RecWell series teaches students to spot fake health news

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RecWell series teaches students to spot fake health news

Brendan Triola

Brendan Triola

Brendan Triola

Jordan Jewell, Staff Intern

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There’s a juice to cure every illness. Cutting gluten out of your diet will make you lose weight shockingly fast. If you swallow your gum, it will sit in your stomach for seven years before you digest it. These health myths were the topic of this month’s RecWell Series.

“Don’t Be Duped: How to Spot Fake News” was a presentation hosted by Charlie Rinehart on Wednesday, Feb. 7 in the Rec Well Center. Rinehart specializes in teaching people how to spot harmful or biased information in the health and wellness field.

“In today’s society, a lot of people like to pick their team, put on that hat and believe everything that their team presents to them,” Rinehart said.

He believes that people are more inclined to believe health information based on its presentation rather than the facts that lie behind it.

The presentation highlights eight fallacies that often appear in health discussions. These fallacies, or “untruths,” include bandwagon arguments, correlation versus causation, hasty generalizations, dogmatism, slippery slope, false authority, anonymous authority and untested hypotheses.

Erica Wallace, Health and Wellness Coordinator at Oakland University, organized the presentation to remind students that not everything you read online is true.

“It’s easy to see someone like Gwyneth Paltrow, a supposed ‘health guru’, pushing a product, and immediately subscribe to everything she’s saying,” Wallace said. “It’s important to understand that these celebrities are making a profit off the products they are pushing.”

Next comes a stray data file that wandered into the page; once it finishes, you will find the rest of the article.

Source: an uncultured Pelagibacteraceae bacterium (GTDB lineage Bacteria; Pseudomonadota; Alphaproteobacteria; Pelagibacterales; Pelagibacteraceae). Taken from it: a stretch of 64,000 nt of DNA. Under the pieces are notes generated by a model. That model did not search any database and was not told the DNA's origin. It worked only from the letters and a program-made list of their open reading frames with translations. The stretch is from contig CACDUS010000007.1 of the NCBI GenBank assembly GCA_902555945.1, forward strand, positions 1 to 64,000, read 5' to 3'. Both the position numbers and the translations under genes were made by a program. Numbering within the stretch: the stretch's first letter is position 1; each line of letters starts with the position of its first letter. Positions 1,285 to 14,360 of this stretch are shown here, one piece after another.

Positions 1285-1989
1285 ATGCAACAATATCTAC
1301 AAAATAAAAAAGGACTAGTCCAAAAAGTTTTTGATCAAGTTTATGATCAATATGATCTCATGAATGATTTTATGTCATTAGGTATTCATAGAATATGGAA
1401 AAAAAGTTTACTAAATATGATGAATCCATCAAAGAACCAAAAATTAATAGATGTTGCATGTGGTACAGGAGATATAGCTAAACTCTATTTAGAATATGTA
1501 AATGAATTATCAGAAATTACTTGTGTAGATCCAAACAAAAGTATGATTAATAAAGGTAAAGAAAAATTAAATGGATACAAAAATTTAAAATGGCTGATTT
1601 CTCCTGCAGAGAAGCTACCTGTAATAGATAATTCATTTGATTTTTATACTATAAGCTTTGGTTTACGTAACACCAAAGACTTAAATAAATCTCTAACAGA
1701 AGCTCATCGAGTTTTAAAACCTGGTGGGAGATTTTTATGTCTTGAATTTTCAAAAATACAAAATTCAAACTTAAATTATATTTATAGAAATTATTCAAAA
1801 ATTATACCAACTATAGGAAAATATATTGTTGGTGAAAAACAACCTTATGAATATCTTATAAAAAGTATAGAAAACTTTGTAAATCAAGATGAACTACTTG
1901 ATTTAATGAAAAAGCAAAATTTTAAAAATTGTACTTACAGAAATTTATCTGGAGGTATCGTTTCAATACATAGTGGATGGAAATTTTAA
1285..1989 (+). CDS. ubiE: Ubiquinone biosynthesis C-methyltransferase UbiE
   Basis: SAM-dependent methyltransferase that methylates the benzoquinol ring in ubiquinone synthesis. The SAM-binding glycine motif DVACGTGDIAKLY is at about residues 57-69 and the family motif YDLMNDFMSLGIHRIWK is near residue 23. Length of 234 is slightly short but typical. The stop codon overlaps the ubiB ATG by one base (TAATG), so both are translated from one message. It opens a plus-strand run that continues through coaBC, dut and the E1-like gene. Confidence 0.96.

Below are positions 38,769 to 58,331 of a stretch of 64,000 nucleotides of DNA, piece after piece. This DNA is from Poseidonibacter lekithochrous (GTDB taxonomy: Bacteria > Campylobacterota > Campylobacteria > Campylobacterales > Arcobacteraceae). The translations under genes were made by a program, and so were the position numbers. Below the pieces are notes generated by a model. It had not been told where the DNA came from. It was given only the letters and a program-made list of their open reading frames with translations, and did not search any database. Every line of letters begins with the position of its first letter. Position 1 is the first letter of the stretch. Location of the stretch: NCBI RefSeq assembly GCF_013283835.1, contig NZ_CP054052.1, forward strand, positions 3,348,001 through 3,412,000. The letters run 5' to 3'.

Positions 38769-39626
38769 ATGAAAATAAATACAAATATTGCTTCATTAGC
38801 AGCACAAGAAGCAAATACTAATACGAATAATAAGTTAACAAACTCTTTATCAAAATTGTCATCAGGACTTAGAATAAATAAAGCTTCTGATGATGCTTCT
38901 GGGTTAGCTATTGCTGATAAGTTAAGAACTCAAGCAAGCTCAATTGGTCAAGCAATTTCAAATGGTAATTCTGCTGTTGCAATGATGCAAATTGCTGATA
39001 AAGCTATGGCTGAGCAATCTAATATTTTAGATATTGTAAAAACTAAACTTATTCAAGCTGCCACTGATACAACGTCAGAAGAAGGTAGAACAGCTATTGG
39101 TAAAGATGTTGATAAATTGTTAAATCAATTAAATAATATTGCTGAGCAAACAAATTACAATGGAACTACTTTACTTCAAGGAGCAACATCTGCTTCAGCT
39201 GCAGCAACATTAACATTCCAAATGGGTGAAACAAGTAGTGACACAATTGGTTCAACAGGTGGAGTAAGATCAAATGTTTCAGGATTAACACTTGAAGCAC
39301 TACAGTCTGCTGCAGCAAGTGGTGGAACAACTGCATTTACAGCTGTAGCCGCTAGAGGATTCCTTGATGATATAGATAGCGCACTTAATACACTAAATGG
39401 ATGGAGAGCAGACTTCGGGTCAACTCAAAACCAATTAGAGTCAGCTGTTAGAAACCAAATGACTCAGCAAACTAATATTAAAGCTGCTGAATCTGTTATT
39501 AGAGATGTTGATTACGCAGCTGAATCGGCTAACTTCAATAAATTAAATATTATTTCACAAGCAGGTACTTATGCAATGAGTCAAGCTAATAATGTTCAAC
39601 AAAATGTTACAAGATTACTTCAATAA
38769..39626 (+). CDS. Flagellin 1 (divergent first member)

Rinehart brought two graduate students along with him to present the popular fallacies. Evan O’Hara and Courtney Stockman touched on the different ways that health news can be biased or completely misconstrued. They gave countless examples ranging from “doctors” with fake credentials to companies trying to push products with no prior research.

“There are over 7 billion people on this planet,” Stockman said. “And we all have different bodies that will react differently to health methods.”

She continued to explain that going vegan might not be the reason some people live longer and activated charcoal might not be the cure to all digestion issues.

Rinehart emphasized that being healthy is considered very trendy.

“Most multivitamins just give you very expensive urine,” he said of vitamins and “miracle pills.”

When one student commented on the Kardashians and their lifestyle methods, the conversation turned to how many health products are marketed toward women.

“It all comes back to the idea of the mediocre man,” Rinehart said. “Media often presents us with TV shows featuring a mediocre husband and a seemingly perfect wife who is picking up his slack. We act like men can be average and women have to be above average at all times, and it creates a market for these ‘miracle’ health products.”

The RecWell Series hosts presentations each month on different physical and mental health topics. March’s talk will be on the topic of “Finding Peace” and April’s will be hosted by Erica Wallace and will focus on the idea of “Getting Your Life Together.”

For more information students can visit the University Recreation and Well-Being website.